Journal of Immigrant and Minority Health

, Volume 13, Issue 2, pp 385–394

Explanatory Models of Health and Disease Among South Asian Immigrants in Chicago

Authors

    • National Committee for Quality Assurance
  • David W. Baker
    • Institute for Healthcare StudiesNorthwestern University Feinberg School of Medicine
    • Division of General Internal MedicineNorthwestern University Feinberg School of Medicine
  • Gregory T. Makoul
    • Division of General Internal MedicineNorthwestern University Feinberg School of Medicine
    • St. Francis Hospital and Medical Center
  • Neerja Khurana
    • Division of General Internal MedicineNorthwestern University Feinberg School of Medicine
  • Muhammad W. Paracha
    • Asian Human Services Family Health Center, Inc.
  • Namratha R. Kandula
    • Institute for Healthcare StudiesNorthwestern University Feinberg School of Medicine
    • Division of General Internal MedicineNorthwestern University Feinberg School of Medicine
    • St. Francis Hospital and Medical Center
Original Paper

DOI: 10.1007/s10903-009-9304-1

Cite this article as:
Tirodkar, M.A., Baker, D.W., Makoul, G.T. et al. J Immigrant Minority Health (2011) 13: 385. doi:10.1007/s10903-009-9304-1

Abstract

To identify concepts of health and disease as part of a study on designing culturally-targeted heart disease prevention messages for South Asians. We conducted qualitative, semi-structured interviews in English, Hindi and Urdu with 75 respondents from a federally qualified health center and at a community center for South Asian immigrants in Chicago, Illinois. Age ranged from 20 to 70 years; 60% were women; 60% held advanced degrees; 70% migrated to the US in the last 10 years; and 60% of the interviews were in Hindi or Urdu. Concepts of health and disease fell into four domains: behavioral, physical, psycho-social and spiritual. Muslim participants consistently evoked spiritual factors such as faith and prayer. Women more frequently included performing home duties and positive affect in their concept of health. Men more frequently cited behavioral factors such as smoking and drinking as the cause of disease. Many South Asians have a holistic conceptualization of health and disease, incorporating spiritual, physical and psycho-social factors. Health promotion strategies aimed at South Asians in the US should take into account this holistic model of health and disease, while also recognizing that variations exist within South Asians, by gender and religion.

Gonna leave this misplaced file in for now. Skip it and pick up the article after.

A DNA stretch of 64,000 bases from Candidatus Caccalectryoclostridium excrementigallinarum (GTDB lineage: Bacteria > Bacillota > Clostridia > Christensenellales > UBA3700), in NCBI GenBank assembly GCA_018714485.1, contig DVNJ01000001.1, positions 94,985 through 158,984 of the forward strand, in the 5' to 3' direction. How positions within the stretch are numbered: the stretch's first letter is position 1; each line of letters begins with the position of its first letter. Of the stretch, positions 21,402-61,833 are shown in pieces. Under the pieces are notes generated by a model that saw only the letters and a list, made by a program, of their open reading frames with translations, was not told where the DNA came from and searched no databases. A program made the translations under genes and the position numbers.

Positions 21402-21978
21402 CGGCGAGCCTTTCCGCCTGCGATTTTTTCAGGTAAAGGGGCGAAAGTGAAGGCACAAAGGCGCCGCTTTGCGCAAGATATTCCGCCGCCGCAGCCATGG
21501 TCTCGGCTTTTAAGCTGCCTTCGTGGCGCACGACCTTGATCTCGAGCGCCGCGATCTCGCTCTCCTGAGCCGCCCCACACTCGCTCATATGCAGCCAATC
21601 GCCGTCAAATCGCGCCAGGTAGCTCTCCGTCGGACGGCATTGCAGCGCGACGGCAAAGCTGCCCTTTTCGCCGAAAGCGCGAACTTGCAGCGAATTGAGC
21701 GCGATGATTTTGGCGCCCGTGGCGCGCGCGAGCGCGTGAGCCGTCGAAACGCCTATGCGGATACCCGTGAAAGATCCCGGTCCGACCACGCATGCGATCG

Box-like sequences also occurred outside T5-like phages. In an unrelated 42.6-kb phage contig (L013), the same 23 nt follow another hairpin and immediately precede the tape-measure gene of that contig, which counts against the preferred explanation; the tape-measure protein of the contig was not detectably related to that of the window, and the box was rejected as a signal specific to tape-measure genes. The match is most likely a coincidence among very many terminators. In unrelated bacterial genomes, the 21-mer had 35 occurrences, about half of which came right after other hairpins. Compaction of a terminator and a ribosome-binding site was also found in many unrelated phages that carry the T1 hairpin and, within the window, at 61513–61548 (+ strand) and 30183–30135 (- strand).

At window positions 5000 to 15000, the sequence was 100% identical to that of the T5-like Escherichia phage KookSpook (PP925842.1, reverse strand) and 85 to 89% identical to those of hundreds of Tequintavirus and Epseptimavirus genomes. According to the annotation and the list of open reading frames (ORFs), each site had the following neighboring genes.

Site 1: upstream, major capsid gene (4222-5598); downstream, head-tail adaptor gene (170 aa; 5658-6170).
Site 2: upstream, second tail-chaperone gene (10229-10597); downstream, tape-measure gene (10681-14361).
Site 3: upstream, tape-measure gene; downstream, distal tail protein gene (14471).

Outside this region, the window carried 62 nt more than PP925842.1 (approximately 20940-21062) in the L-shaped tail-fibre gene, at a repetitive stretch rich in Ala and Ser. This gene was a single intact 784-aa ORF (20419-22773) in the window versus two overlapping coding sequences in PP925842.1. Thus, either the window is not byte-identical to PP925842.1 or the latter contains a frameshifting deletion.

Keywords

South AsiansImmigrant healthConcepts of healthConcepts of disease

Copyright information

© Springer Science+Business Media, LLC 2010